Tyrell stares back, and it’s a strange sensation to be seen. So often Robot wears Elliot’s skin like a shield, relishing the ability to come and go as he pleases, always retreating back into the shadows. It’s for that reason that he can accomplish what Elliot can’t. Yet Tyrell’s gaze has power over him, and in return gives him a kind of power he hasn’t felt before.

“What do you need me to do?” Tyrell asks, voice even. Robot takes a drag of his cigarette and blows the smoke in his face.

“I need—”


He already knows this part of the story.


Mr. Robot’s absence is as keen as his presence; a knife in Elliot’s ribs that twists deeper with every breath, reminding him ceaselessly that he is not whole.

Tyrell haunts his bedside like a spectre but Elliot can’t bear to look him in the eye; every time he does something new surfaces, adding to the tangled mess inside his chest, dark and alive, throbbing like some malignant growth that’s taken root deep inside his organs.

How many weeks has it been? How many months? What waits for him outside the locked door of his room? 


Buildings. Signs. The neon blur of the city.

Tyrell’s knuckles are white on the steering wheel. They haven’t spoken since they left the arcade, and Robot can feel nervous excitement rolling off of him in waves. They pull into a dark lot and he lets out a long breath.

Robot keeps looking out the window. Bile is rising in his throat and he doesn’t fucking trust himself to speak right now. He hears Tyrell open his mouth, then close it again.

“Well,” Tyrell finally says. Robot doesn’t answer. “Well,” he says again.

A police car races past, sirens blaring, and Tyrell shifts in his seat, momentarily tense.

“I—” Tyrell starts, but Robot reaches over and grabs him by the collar. He feels Tyrell brace as their lips come together—his confusion is satisfying but it doesn’t last long; his fingers quickly move to cradle Robot’s jaw, pulling him closer.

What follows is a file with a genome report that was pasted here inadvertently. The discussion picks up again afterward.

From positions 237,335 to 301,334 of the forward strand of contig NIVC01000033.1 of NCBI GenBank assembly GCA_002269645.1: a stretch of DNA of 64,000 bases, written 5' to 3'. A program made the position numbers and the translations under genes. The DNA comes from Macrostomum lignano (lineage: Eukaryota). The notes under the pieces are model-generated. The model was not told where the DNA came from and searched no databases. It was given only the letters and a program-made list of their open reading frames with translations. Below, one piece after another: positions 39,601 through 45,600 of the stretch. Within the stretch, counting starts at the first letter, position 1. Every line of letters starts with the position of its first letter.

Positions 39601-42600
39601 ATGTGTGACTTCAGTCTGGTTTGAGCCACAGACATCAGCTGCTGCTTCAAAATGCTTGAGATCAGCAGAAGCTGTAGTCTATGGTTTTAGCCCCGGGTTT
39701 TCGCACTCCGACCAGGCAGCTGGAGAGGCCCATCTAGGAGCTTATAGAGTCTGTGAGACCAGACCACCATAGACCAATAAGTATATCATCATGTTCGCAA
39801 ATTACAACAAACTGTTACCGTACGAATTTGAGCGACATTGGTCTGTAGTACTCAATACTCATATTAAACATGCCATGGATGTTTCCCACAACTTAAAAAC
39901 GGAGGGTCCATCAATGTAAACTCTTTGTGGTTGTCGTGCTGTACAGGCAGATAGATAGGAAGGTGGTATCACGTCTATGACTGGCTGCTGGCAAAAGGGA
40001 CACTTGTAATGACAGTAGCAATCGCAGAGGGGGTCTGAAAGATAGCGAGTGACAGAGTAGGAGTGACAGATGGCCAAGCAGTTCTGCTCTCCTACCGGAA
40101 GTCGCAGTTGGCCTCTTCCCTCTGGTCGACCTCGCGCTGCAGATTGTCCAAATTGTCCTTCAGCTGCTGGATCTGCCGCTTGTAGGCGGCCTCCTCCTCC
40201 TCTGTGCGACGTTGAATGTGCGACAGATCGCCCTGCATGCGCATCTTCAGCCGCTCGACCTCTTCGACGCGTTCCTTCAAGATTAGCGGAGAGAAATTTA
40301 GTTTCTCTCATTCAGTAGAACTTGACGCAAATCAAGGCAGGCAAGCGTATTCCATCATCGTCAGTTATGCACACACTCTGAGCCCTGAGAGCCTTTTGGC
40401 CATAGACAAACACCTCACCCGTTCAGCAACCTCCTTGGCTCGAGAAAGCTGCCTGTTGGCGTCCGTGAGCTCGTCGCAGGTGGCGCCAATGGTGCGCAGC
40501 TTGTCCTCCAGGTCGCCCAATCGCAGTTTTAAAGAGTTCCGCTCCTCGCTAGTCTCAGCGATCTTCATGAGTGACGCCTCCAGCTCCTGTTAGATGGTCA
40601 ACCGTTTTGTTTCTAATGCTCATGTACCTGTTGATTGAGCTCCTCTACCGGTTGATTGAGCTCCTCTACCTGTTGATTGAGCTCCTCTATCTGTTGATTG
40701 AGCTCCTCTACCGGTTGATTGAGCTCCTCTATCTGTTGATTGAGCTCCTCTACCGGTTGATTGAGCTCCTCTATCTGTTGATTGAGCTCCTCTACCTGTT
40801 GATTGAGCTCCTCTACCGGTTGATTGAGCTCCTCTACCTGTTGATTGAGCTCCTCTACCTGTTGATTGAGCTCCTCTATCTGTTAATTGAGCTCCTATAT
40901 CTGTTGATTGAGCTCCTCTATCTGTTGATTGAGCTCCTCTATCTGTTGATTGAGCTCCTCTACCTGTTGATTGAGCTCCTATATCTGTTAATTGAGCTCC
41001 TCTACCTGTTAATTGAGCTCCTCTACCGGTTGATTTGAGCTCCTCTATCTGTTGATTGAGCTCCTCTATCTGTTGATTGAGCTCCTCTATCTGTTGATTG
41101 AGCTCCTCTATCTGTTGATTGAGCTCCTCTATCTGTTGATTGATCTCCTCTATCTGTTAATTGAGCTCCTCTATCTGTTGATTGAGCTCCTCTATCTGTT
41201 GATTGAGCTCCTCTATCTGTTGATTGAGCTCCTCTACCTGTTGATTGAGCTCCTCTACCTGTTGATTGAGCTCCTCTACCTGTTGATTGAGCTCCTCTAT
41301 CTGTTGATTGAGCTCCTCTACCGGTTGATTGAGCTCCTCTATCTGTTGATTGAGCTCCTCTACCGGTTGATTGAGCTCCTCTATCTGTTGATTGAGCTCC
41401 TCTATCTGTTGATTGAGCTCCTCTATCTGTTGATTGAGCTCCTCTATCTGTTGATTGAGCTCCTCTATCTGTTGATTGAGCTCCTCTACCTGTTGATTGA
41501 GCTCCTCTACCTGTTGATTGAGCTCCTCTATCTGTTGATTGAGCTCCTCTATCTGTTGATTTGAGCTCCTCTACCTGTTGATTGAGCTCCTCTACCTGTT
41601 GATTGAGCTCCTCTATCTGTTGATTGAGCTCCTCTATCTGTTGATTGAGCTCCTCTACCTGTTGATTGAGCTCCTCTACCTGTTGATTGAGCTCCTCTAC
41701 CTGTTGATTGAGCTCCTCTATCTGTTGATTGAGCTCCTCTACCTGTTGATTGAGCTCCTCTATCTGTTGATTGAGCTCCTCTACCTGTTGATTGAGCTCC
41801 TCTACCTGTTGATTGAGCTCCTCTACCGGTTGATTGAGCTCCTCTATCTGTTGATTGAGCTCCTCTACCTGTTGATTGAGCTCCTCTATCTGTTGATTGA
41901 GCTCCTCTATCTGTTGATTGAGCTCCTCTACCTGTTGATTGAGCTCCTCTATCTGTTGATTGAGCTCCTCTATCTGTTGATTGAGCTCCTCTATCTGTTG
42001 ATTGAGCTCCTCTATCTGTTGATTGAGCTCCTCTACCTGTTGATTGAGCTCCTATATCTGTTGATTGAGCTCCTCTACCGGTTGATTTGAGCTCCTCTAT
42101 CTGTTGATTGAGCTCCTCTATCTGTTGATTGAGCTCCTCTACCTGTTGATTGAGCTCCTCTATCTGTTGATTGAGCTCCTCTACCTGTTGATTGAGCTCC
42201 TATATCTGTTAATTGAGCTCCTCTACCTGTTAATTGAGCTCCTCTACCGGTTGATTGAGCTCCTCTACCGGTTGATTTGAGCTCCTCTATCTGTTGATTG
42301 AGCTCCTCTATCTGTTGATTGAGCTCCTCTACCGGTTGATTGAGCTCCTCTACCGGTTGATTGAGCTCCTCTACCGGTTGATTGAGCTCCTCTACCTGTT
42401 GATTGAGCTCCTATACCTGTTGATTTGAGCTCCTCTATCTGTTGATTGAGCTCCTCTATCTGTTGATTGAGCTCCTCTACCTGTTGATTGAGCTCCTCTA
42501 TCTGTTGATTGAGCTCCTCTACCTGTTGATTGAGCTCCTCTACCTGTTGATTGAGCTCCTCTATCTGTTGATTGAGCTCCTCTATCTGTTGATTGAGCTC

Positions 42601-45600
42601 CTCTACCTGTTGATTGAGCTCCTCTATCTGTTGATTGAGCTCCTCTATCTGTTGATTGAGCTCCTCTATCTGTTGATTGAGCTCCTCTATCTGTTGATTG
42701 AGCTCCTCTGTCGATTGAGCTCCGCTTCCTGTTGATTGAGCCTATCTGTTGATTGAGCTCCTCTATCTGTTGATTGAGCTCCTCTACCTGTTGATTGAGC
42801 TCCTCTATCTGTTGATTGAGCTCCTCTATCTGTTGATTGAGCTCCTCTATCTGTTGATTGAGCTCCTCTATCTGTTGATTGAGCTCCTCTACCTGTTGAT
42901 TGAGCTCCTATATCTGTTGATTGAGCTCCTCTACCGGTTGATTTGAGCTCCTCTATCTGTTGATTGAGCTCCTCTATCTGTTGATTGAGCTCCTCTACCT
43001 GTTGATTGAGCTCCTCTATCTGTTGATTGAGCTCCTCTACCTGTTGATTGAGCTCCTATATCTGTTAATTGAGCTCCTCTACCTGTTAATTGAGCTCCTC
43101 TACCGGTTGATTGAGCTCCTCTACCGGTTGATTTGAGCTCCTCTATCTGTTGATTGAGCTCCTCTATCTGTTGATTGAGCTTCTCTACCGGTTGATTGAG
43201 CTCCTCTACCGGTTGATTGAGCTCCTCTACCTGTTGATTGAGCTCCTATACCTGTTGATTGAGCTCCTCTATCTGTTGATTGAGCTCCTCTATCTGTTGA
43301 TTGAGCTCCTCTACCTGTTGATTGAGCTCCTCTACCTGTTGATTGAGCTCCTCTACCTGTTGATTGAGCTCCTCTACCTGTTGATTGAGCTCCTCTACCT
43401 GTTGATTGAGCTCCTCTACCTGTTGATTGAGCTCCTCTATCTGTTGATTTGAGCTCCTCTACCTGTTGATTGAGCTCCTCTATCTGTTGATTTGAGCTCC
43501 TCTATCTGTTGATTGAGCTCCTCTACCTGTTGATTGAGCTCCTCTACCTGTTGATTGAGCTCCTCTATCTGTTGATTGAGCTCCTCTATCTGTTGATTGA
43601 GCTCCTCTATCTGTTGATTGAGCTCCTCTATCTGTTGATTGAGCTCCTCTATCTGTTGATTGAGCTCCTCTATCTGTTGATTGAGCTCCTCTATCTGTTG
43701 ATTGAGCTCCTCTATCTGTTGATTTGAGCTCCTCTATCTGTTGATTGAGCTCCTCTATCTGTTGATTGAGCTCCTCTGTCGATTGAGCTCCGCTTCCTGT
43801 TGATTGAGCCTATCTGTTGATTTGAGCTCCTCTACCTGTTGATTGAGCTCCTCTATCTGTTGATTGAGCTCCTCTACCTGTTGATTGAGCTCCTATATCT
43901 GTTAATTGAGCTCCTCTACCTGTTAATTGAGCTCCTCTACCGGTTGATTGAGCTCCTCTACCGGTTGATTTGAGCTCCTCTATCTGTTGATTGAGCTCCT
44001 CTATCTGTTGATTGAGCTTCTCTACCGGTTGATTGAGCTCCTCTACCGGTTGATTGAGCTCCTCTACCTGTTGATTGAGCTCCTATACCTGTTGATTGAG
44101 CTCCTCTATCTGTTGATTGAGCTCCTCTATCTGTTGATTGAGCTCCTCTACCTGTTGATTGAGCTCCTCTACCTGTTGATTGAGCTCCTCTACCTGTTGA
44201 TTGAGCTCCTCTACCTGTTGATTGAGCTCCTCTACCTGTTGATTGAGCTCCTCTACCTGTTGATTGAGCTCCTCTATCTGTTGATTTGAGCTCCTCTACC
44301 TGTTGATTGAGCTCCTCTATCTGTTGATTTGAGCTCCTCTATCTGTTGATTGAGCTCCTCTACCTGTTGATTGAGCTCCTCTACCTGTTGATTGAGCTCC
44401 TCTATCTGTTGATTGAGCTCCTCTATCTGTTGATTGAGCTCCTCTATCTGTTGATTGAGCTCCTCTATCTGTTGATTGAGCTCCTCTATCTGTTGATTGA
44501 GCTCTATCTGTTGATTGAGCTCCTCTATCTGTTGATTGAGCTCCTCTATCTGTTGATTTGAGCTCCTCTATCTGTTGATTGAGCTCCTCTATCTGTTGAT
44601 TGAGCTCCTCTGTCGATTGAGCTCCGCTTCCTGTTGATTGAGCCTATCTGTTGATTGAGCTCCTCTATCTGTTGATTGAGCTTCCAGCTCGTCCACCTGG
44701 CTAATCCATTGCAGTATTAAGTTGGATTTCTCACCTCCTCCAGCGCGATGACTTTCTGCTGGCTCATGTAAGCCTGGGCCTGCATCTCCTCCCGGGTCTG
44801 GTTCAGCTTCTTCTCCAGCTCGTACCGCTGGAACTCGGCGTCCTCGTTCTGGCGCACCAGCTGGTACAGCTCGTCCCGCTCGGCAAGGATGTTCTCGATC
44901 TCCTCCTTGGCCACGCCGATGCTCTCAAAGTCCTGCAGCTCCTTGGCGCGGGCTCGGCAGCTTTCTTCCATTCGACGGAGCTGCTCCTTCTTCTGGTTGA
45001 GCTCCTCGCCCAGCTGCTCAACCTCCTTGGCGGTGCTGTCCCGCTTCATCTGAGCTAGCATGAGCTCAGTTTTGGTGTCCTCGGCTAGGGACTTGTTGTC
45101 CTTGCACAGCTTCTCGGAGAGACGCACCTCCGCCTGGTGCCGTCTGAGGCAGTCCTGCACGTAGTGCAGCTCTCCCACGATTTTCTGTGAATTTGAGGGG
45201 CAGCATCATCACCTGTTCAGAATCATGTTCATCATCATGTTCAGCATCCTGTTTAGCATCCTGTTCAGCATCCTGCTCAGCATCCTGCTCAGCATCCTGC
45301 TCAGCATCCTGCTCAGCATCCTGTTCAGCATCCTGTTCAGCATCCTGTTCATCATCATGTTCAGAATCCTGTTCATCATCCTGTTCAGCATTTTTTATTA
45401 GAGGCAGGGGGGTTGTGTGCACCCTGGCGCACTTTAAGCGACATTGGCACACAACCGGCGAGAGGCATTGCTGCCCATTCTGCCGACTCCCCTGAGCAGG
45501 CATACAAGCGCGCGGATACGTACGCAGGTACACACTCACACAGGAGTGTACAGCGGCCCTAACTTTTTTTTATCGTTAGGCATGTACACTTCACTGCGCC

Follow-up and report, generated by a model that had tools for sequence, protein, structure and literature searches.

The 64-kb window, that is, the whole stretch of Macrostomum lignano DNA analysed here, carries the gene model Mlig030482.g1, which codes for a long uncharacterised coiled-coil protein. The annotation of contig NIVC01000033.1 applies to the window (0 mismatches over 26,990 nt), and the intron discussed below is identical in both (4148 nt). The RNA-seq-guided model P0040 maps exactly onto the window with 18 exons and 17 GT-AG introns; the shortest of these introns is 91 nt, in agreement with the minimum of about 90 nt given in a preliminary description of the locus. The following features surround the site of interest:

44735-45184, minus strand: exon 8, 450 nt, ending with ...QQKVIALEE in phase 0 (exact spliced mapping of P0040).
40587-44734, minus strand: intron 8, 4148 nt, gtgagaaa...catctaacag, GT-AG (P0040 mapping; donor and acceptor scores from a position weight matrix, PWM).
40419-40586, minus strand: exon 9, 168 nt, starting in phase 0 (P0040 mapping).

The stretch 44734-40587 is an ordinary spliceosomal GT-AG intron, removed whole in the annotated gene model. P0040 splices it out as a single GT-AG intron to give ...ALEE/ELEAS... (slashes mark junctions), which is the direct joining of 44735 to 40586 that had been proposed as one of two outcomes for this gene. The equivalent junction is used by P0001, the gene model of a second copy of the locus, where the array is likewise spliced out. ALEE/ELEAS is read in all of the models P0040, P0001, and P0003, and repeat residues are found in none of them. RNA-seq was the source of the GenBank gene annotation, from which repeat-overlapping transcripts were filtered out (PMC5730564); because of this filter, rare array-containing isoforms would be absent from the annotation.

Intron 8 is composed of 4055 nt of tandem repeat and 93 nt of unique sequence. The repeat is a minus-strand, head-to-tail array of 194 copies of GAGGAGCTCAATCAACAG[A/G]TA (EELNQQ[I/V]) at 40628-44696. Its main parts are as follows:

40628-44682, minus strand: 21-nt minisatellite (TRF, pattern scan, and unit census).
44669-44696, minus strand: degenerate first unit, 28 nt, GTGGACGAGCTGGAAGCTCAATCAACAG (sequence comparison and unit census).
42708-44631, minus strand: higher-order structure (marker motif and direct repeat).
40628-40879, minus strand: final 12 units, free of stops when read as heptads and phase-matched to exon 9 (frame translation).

How is it that Tyrell’s mouth already feels familiar?

Tyrell’s eyes are bright when they break apart, and Robot is afraid to look away. Around them, the darkness waits patiently.

“Good luck,” Tyrell says. Robot doesn’t say anything back; just nods and turns away. The car dips as Tyrell steps out, and the door closes with a muffled thud.

Robot pulls the lever on his seat and leans back with a sigh. He’s not looking forward to going back under—to giving this up, whatever it is—but all the pieces are in place now and as long as Elliot doesn’t freak out and do something stupid, he’s pretty sure he can get the kid to play along.  


The wound in his flesh has all but healed, but the pain lingers. During the days he sits alone. Paces his room. Stares out the window and into the brick of the building next door. He maps the specks on the ceiling into constellations, and somehow it helps keep the darkness at bay.

Slowly, a plan begins to form in his mind. He doesn’t think about it too much at first; he keeps it in the periphery of his thoughts, afraid that looking at it straight on will leave him vulnerable.

Angela brings him a chess set; Tyrell hums lullabies under his breath. One day, Elliot hears them talking outside his door in hushed, gentle voices, and he wonders how often they speak to each other, and if they talk about him.

Hours, days, weeks crawl by.

“Please, Elliot,” Tyrell whispers in his ear.

“Please, Elliot,” Angela begs him with tear-filled eyes.

He’s not the person they need—he never was.

“You win,” he says at last to the empty room. “You hear me? You win.”



He reappears without warning one afternoon, when Elliot is playing chess. The sun is almost setting outside, plunging the sparsely-decorated room into deep, muted red. Elliot feels him before he sees him.

“I really am sorry, kiddo. You know that, right?”

Elliot doesn’t look up from his game.

“I know.” He sets his knight down with a soft click, and then Mr. Robot is in front of him, studying the board. He picks up a pawn and rolls it between his fingertips.